An archived stack of papers: October 2006

Quads, Pairs, Then Solo

In a stack of papers called Instruction.

  • Oct
  • 24
  • 2006

We’re near the end of The Scarlet Letter and I realize, once again, that I take entirely too long with novels. This makes week 5 of the unit and we’ll likely keep these books for yet another week. It’s difficult to forge ahead with a novel, though, when only 5 students have read. And so I slow down and give people a chance to catch up. Some of them just need an excuse to even... read more

Is Nonfiction Writing The Answer?

In a stack of papers called Writing.

  • Oct
  • 18
  • 2006

The suggestion that fiction writing cannot prepare students with the same rigor that nonfiction writing can is ridiculous. It shows poor faith in teachers to do what they have been hired to do. If you’re teaching writing, you’re teaching writing regardless of the genre.

The Article

Instead of building an argument for the need to assign more research-driven writing, how that style of... read more

Magnets And Twice

In a stack of papers called Instruction.

  • Oct
  • 16
  • 2006

I just finished teaching 2 of my classes about a model of how to respond to literature. Working off a handout I got from a friend of mine (another guy who causes me think about teaching certain literature because of his interpretations), I tried to present 2 different views of the model. There are a few things that I don’t want to forget.

Magnets

Your whiteboard is likely magnetic,... read more

JuCo

In a stack of papers called Personal.

  • Oct
  • 13
  • 2006

He teaches high school along with me and he also teaches a few classes at a local junior college. He has the types of conversations in his classroom that I always want to have. He’s the reason I teach “The Myth of Sisyphus,” a text that results in pushing my seniors to think a different way more than anything else I’ve tried so far. His ideas about texts continue to challenge me... read more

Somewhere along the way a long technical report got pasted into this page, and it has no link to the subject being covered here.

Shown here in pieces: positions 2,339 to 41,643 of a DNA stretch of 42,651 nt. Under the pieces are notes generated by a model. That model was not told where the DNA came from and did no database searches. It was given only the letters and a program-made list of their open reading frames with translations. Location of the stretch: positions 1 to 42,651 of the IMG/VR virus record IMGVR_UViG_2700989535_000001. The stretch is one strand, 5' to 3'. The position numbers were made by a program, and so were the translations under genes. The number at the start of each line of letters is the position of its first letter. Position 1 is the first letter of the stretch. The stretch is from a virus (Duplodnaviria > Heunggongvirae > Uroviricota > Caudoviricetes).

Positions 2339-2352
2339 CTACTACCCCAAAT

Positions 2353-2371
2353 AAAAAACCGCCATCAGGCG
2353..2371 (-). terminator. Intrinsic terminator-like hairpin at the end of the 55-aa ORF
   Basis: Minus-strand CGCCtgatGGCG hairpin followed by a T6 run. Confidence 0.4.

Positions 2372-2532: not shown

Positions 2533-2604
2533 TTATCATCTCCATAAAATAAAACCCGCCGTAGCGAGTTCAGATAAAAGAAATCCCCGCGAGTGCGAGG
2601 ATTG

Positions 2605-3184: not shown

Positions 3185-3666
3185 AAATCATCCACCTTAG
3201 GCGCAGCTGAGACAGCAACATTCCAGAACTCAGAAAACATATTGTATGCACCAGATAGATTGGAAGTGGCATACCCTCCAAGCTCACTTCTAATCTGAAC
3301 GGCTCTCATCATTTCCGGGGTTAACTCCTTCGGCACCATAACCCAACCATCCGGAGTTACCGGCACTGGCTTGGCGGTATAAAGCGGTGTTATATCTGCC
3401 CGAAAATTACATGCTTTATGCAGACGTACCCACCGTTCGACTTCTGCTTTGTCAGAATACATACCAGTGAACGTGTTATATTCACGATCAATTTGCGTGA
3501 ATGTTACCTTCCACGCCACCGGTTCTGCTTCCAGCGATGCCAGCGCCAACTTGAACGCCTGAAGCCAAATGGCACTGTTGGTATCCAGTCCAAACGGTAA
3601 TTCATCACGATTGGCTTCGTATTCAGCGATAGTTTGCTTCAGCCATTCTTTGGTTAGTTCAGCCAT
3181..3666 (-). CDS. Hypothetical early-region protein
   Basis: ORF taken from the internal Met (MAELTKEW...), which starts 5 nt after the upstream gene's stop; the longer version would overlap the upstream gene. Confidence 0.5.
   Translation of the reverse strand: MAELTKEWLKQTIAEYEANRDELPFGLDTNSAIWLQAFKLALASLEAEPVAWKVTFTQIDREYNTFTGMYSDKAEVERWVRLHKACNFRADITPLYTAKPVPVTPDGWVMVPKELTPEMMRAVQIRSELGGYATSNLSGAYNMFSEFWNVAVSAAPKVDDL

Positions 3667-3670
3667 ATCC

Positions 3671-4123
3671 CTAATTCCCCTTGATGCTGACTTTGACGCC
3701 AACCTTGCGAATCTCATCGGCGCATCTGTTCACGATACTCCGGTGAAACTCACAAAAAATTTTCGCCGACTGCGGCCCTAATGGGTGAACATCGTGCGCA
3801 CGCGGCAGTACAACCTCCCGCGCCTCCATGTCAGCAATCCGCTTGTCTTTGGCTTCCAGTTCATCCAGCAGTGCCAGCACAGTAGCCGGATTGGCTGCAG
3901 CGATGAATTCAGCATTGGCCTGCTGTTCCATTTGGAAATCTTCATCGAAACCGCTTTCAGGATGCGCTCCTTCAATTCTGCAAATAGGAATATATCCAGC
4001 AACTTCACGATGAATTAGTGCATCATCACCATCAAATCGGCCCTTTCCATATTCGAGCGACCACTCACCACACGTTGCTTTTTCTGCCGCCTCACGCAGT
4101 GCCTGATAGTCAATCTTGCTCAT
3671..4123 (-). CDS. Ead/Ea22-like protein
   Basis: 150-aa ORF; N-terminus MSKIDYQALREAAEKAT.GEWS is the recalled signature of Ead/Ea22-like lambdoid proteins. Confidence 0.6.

Pay More Attention

In a stack of papers called Instruction.

  • Oct
  • 12
  • 2006

Today was a professional development day and, while it wasn’t perfect, it was far better than just about any other training session I’ve been to. We covered ways to teach Macbeth to English Language Learners (ELL) and several ideas are ones that can be used with just about any complex text.

The Wrong Focus

But the part that bothers me is the rationale for why the... read more

Use Your Data

In a stack of papers called Grading.

  • Oct
  • 06
  • 2006

Just a quick note before I head off for the weekend. First of all, I have a stack of 20 essays I simply must finish by Sunday night. Add that to the fact that I and about 6 other teachers will be back in my classroom tomorrow morning at 9:00 (that’s right, 9:00 on a Saturday) to grade some schoolwide writing prompts, I’ll be grading a lot of writing this weekend. That usually means that... read more

AYP, API, And Horse Pucky

In a stack of papers called Testing.

  • Oct
  • 05
  • 2006

Two observations from this past Wednesday’s inservice. We spent the time talking about and looking at some test data, specifically with regard to our AYP. We did not make our AYP. Adequate Yearly Progress, that sounds like a horrible thing to miss. These two observations are about why we missed that AYP and they are both incredibly ridiculous,... read more